Researchers from the Appalachian State University in North Carolina report that a combination of quercetin, vitamin C, and niacin was safe, but had no effect on markers of inflammation.
Quercetin is an antioxidant flavonoid found in fruits and vegetables. Potential health benefits include lowering of inflammatory markers, cholesterol reduction, and improving blood pressure.
However, many of these potential benefits are the result of in vitro or animal studies and data from human studies is rare.
One such human study by researchers from the University of Utah did indicate that a daily 730 milligram supplement of quercetin led to significant reductions in blood pressure.
The study, said to be the first to report the blood pressure-lowering activity of this flavonol, was published in the Journal of Nutrition (Nov. 2007, Vol. 137, pp. 2405-2411).
Data from the new randomized controlled trial muddies the water further, with no potential changes in various disease risk markers reported after supplementing for 12 weeks with either 500 or 1,000 milligrams of the flavonoid.
“A large apple provides 8 to 10 mg quercetin; thus, the supplement levels used in this study are not attainable through the diet alone,” wrote the researchers in the Journal of the American Dietetic Association.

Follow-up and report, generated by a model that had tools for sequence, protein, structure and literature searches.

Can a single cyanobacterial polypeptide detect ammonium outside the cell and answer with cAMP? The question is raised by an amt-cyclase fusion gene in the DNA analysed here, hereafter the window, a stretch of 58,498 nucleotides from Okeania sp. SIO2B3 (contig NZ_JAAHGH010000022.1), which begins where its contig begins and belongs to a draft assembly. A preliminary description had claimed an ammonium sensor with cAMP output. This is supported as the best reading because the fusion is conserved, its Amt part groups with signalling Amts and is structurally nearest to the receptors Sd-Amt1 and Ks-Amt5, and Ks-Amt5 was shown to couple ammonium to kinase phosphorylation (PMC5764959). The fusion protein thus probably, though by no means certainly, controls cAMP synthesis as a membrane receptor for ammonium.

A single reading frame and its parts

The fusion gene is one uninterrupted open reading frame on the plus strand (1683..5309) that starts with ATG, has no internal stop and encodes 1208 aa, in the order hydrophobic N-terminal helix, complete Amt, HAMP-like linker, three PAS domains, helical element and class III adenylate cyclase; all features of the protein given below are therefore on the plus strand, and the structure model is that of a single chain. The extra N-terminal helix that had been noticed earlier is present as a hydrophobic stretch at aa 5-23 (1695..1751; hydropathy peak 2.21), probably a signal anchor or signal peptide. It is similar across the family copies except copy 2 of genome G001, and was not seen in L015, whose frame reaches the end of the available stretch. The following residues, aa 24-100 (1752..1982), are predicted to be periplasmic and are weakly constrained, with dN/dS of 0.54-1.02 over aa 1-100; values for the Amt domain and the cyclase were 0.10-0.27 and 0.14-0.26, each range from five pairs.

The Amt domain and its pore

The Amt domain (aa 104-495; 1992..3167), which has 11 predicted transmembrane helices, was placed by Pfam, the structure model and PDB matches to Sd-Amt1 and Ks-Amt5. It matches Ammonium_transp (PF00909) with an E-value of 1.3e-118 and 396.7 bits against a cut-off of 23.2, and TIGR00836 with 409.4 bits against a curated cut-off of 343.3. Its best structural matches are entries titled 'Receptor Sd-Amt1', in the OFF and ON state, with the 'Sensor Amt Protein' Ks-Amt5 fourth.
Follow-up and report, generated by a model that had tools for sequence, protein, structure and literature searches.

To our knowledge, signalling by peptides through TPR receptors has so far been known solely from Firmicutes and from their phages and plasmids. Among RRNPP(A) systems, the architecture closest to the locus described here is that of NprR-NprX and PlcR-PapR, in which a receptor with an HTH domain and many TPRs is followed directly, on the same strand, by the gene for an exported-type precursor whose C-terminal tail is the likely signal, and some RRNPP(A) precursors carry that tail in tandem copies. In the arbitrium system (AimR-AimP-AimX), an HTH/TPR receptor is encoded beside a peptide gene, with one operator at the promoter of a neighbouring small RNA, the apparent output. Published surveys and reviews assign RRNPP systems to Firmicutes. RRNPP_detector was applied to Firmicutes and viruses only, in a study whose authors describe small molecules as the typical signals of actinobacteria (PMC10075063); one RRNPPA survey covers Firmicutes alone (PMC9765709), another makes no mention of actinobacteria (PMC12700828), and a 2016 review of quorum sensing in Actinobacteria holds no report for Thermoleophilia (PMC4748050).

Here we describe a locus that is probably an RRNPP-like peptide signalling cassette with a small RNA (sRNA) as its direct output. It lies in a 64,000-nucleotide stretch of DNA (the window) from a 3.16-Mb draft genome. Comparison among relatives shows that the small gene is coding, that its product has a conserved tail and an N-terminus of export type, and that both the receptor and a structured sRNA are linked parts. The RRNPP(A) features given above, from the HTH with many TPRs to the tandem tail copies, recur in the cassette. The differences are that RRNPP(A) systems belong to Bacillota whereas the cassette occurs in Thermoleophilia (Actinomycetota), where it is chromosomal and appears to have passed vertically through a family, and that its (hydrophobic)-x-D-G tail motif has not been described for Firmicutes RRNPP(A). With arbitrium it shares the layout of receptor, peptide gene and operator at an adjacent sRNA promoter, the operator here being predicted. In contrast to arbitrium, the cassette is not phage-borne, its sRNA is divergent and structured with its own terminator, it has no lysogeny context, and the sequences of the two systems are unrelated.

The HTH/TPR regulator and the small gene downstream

“The lack of effect of long-term quercetin-vitamin C-niacin supplementation on the disease risk factors measured in this study is in agreement with the findings reported by other investigators.
“Future research will determine if the bioactive effects of quercetin measured in vitro can be replicated in humans by adding other synergistic food components such as isoquercetin, green tea extract, fish oil, antioxidants, and other types of polyphenols.”
The North Carolina-based scientists recruited 1,002 people aged between 18 and 85 to participate in their study. The mean age of the participants was 45, and the mean BMI was 27 kg/m2.
Participants were randomly assigned to one of three groups: One group received placebo, the second group received a supplement providing a daily dose of 500 mg quercetin, 125 mg vitamin C, and 5 mg niacin. The third group received double the doses in the second group’s supplements.
According to the researchers, vitamin C and niacin may enhance the bioavailability of quercetin.
After 12 weeks no changed in markers of inflammation were observed between any of the groups.
The researchers did report a slight decrease in blood pressure was recorded in the both quercetin groups, compared to placebo.
Source: Journal of the American Dietetic Association
Volume 111, Issue 4, Pages 542-549
“Influence of Quercetin Supplementation on Disease Risk Factors in Community-Dwelling Adults”
Authors: A.M. Knab, R.A. Shanely, D.A. Henson, F. Jin, S.A. Heinz, M.D. Austin, D.C. Nieman